REVIEW: "DC's Legends of Tomorrow" is Like a Comic Book Crossover Event - In the Best Ways

"DC's Legends of Tomorrow," like its quirky ensemble of characters, shows great promise in living up to its grandiose title. Kicking off with a neatly simple yet potentially epic setup, filled with action playing out on a nearly cinematic scale, the show's overwhelming sense of fun trumps its occasional weak spots and positions it to eventually, one day, feel downright legendary.

For comic book fans, "Legends of Tomorrow" is, in every good sense, the television equivalent of that industry staple, the Crossover Event. With its mix and match of heroes and villains who have, by and large, made appearances on The CW's two preceding DC Comics-inspired series, "Arrow" and "The Flash," the opening two hours play largely like a TV adaptation of the milestone maxi-series "Crisis On Infinite Earths," in which a number of good guys and bad guys who otherwise had little relation to one another were united in hopes of serving the cosmic good.

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And that's the gist, here. In order to avert an epoch-defining disaster initiated by immortal troublemaker Vandal Savage (Casper Crump), previously encountered in the most recent Arrow/Flash crossover, a Time Master named Rip Hunter ("Dr. Who's" delightfully watchable Arthur Darvill) rebels against his brethren to recruit a team of mismatched crusaders for a temporal mission to put Savage down before he irrevocably poisons humanity's greater destiny. It's as simple, clean and comic book-y a premise as they come.

Among the impromptu supergroup -- all of whom, Hunter assures, are fated to become future legends -- are a collection of characters viewers have most likely encountered before on the precursor series. The Atom (Brandon Routh), the size-changing billionaire genius who seeming has it all but still craves heroic validation; the White Canary (Caity Lotz), a once-dead, now-resurrected martial artist vigilante with a taste for violence; Firestorm (Victor Garber and Franz Drameh), the atomic-powered hero formed by the fusing of two very different personalities; Hawkgirl (Ciara Renee) and Hawkman (Falk Hentschel), the winged and repeatedly reincarnated eternal lovers who struggle with both their long personal history and their violent history with Savage; and the morally challenged Central City crime duo Captain Cold (Wentworth Miller) and Heat Wave (Dominic Purcell).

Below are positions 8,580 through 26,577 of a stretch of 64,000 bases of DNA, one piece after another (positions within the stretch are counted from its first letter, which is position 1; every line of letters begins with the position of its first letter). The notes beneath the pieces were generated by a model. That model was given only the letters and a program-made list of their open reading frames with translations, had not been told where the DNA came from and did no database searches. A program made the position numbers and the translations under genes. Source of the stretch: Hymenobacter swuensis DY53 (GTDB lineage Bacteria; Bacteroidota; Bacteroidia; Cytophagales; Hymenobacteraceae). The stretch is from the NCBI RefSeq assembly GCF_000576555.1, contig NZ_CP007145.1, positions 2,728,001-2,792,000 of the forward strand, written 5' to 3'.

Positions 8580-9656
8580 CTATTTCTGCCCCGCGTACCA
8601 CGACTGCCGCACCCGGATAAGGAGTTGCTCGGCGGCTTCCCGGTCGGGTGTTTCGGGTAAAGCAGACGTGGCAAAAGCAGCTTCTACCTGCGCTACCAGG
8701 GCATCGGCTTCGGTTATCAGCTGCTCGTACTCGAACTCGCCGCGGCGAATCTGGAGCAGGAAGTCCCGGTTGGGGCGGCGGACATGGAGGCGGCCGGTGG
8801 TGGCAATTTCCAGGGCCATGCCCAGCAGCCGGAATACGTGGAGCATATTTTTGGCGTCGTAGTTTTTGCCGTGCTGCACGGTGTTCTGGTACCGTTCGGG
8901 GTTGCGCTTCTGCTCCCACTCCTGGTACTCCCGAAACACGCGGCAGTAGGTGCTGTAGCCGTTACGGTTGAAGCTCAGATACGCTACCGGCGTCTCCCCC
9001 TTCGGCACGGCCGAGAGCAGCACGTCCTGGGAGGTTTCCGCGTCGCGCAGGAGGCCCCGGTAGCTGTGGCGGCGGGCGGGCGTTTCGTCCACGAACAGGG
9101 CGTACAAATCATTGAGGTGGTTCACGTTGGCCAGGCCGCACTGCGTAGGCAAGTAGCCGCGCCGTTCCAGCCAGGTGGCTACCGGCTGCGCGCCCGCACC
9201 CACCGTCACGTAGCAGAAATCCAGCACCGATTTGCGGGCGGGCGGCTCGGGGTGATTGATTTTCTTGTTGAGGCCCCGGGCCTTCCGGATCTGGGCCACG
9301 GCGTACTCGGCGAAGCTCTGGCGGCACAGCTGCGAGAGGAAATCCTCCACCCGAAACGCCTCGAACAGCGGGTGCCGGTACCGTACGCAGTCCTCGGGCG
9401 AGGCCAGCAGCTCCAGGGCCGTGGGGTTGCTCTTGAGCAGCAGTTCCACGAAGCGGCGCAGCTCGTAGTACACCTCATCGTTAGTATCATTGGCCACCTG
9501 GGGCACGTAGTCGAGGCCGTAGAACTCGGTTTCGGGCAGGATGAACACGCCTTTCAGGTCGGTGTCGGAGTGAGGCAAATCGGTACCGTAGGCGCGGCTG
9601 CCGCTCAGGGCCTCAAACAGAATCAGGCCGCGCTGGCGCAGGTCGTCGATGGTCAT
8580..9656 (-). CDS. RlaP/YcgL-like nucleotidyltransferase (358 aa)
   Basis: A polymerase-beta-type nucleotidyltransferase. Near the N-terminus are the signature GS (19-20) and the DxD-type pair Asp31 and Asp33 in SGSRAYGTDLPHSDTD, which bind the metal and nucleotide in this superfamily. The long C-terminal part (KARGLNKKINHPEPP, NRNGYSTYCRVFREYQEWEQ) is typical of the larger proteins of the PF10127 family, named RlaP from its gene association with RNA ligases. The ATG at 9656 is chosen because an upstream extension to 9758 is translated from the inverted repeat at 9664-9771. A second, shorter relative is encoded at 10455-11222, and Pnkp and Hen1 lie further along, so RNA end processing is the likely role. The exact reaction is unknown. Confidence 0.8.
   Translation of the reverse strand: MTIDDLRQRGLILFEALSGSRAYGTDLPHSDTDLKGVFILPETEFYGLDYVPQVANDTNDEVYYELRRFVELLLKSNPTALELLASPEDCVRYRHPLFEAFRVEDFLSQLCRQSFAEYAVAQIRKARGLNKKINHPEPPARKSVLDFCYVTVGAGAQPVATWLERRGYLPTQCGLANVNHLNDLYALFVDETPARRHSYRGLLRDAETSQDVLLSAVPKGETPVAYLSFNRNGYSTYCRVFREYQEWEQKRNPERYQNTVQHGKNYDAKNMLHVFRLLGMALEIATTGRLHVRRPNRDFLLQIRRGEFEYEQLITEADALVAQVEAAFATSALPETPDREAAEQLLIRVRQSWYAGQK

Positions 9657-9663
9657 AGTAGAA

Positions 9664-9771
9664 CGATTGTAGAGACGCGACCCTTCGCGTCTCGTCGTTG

Most of these characters -- and the actors who play them -- have proven their appeal on "Arrow" and "Flash," and nothing is lost in the transition to the ensemble series. Viewers who haven't watched the other shows may find themselves a bit lost, but for the carryover audience this show is designed for, it dives in swiftly, neatly and effectively, and the mixing and matching of the familiar character strikes plenty of fresh and new sparks. The series essentially evokes a small-screen "Avengers" kind of vibe, with production values that by and large add greatly to the effect.

It's actually difficult to pick a standout among the ensemble cast, which quickly gels into a coherent crew. Darvill is a joy from the moment he's introduced, and Routh brings a terrifically heroic sense of good-natured gravitas to the proceedings. Garber is always at the top of his game no matter how out-there the situation, with a performance here made even more amusing by his character's sharp contrast with Drameh's.

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Written with a lighter touch than might be expected, Lotz brings a new and very watchable wryness to her role that works well. Purcell provides a menacing brand of comic relief, and the cold-as-ice Miller continues his streak as a consummate scene-stealer. In contrast, Hawk-couple actors Renee and Hentschel, two of the more recent additions to The CW's super-roster, appear to still be finding their ways into their admittedly challenging characters. Thankfully, their scenes together suggest they too will quickly settle into a groove that will make them into worthy fan favorites rather than merely ready-made spinoff characters.

For reasons often great -- and sometimes not so great -- "Legends" is perhaps the most comic book-y of The CW's three superhero series. It's neither as dark and angst-y as "Arrow," nor as cheerful and flat-out fun as "The Flash," though both strands of DNA are noticeable. It occasionally suffers from some of the inelegant dialogue and storytelling clunkiness that can pop up on both series, but it admirably dives right into the same kind of out-there adventurousness that characterizes much its super-team source material. It does so, perhaps, with even more wholeheartedness than either of its precursors, delivering plot twists aplenty to keep things interesting along the way.

As the pilot's first foray into time-travel reveals, this is more of a romp than a saga. Not, however, without its share of poignancy, as it should be. The 2-hour opening chapter sends the team into the 1970s, with all of the comedic possibilities that entails, including a "Back to the Future"-esque storyline for Garber's Stein and a dynastic visitation of the Hawks' Egyptian origins

Once the show's cast and writers become even more comfortable with the mixing and matching of their characters' disparate personalities, "Legends of Tomorrow" seems poised, like its semi-motley collection of heroes, to eventually find its own distinct sort of greatness. The pieces are on the board from the opening of the series -- now, its up to the players to figure out their winning moves.

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